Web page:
Profoundly nostalgic for a time when extending a hand to non-whites – if only through business or sexual gratification – was a sign of forward-thinking, the mildness of Live by Night therefore totally belies the violence with which it whitewashes over any kind of non-white voice or subjectivity. Sure, you could almost say the film is a paean to interracial marriage – and marriage rights more generally – along the lines of Jeff Nichols’ Loving, but Live by Night is so profoundly disinterested in women except as a refraction of Affleck’s macho lugubriosity than I can’t really give it the benefit of the doubt on that score. At a more personal level, too, I’m so sick and tired of token black characters, who seem to have taken a new turn in recent cinema. No longer there merely to prevent films like Live by Night or La La land revealing themselves to be the racist fantasies they actually are (although that is of course a factor), they also play as a way of preventing audiences finally recognising the paucity and minority appeal of an all-white world. At the same time, Live by Night goes one step further, introducing token “white characters” – a self-describing member of the “landed gentry,” a Ku Klux Klan spokesman – in order to try and make Affleck’s presence seem less hegemonic than it actually is, as well as to – astonishingly – entitle him to speak from a position of racial marginality as well.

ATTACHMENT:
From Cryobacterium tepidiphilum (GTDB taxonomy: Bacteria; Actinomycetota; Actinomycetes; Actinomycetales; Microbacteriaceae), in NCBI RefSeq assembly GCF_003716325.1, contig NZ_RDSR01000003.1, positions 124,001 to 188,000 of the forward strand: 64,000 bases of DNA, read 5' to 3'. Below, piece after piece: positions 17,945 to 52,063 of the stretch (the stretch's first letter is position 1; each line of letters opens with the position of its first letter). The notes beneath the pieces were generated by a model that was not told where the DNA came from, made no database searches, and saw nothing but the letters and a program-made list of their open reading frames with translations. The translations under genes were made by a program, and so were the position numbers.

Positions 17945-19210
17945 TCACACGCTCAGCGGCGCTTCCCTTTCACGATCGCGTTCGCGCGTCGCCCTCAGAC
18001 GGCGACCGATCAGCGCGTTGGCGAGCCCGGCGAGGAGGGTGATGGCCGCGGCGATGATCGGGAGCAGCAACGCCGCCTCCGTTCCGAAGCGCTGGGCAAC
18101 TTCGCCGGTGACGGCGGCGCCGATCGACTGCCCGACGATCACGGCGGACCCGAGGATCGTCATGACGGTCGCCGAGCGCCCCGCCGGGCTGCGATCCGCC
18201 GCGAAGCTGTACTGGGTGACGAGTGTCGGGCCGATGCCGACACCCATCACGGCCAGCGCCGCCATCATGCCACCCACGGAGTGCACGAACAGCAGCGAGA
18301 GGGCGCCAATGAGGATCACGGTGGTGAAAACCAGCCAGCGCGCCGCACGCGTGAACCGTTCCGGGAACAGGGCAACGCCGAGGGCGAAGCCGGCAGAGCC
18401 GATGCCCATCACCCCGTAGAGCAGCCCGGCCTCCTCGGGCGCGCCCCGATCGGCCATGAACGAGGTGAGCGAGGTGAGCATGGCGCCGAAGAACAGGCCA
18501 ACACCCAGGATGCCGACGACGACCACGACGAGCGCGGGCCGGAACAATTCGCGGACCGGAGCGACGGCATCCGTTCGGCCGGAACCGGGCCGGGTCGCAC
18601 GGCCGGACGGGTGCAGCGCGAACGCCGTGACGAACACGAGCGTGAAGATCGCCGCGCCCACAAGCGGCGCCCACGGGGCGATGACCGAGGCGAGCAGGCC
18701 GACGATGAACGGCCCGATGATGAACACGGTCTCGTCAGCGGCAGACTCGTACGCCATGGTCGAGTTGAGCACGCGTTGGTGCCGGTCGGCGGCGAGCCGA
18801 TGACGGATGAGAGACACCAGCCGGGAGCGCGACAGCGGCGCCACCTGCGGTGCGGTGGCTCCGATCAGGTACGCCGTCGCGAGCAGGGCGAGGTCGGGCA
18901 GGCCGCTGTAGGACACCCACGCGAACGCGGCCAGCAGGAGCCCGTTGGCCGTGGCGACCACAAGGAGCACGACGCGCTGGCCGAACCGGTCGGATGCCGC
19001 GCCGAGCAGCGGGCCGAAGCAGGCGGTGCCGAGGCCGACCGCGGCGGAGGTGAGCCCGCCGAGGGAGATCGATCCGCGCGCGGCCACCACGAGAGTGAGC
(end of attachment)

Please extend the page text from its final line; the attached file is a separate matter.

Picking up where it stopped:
It’s perhaps no surprise that that process tends to take place around women, and while it’s a big of a mug’s game to accuse a gangster film of sexism – masculine charisma is the point – there’s something peculiarly nasty about the way women are relegated to the fringes of Affleck’s Irish Catholic fantasy as well, where they alternate between virgins and whores in a fairly programmatic manner. It makes sense that the one really fascinating character – a pornographic actress turned moral crusader, played by Elle Fanning – has to be abruptly killed off, since the film simply doesn’t know what to do with her, but there’s something even more violent and abrupt about the disposal of Joe’s wife in a drive-by-shooting. Sure, this event is supposedly making some point about white violence towards Hispanic women, but in the long run it just ends up fulfilling the film’s fantasy of a world populated exclusively by white sons and fathers receiving and disseminating wisdom without all the inconveniences of wives, mothers and daughters, let alone other races and cultures. Of course, that world is a fantasy, and even Affleck can’t make the fantasy feel plausible in 2017, but the sheer sentimentality and sententiousness of the film as a whole – the overarching sense of martyred sacrifice – is at least meant to make you feel that this fantasy was once plausible, albeit in a better, simpler time. Even more emphatically and absolutely than Gone Baby Gone or The Town, then, Live by Night is a retreat from the present, a negative gesture, less a fully-formed film than an inability or unwillingness to complete a film in the world in which we now inhabit. Argo may have been lauded for its period details, but it’s Live by Night that is the real period drama in its steadfast refusal to dramatise anything remotely relevant to the period within which it has been produced and released.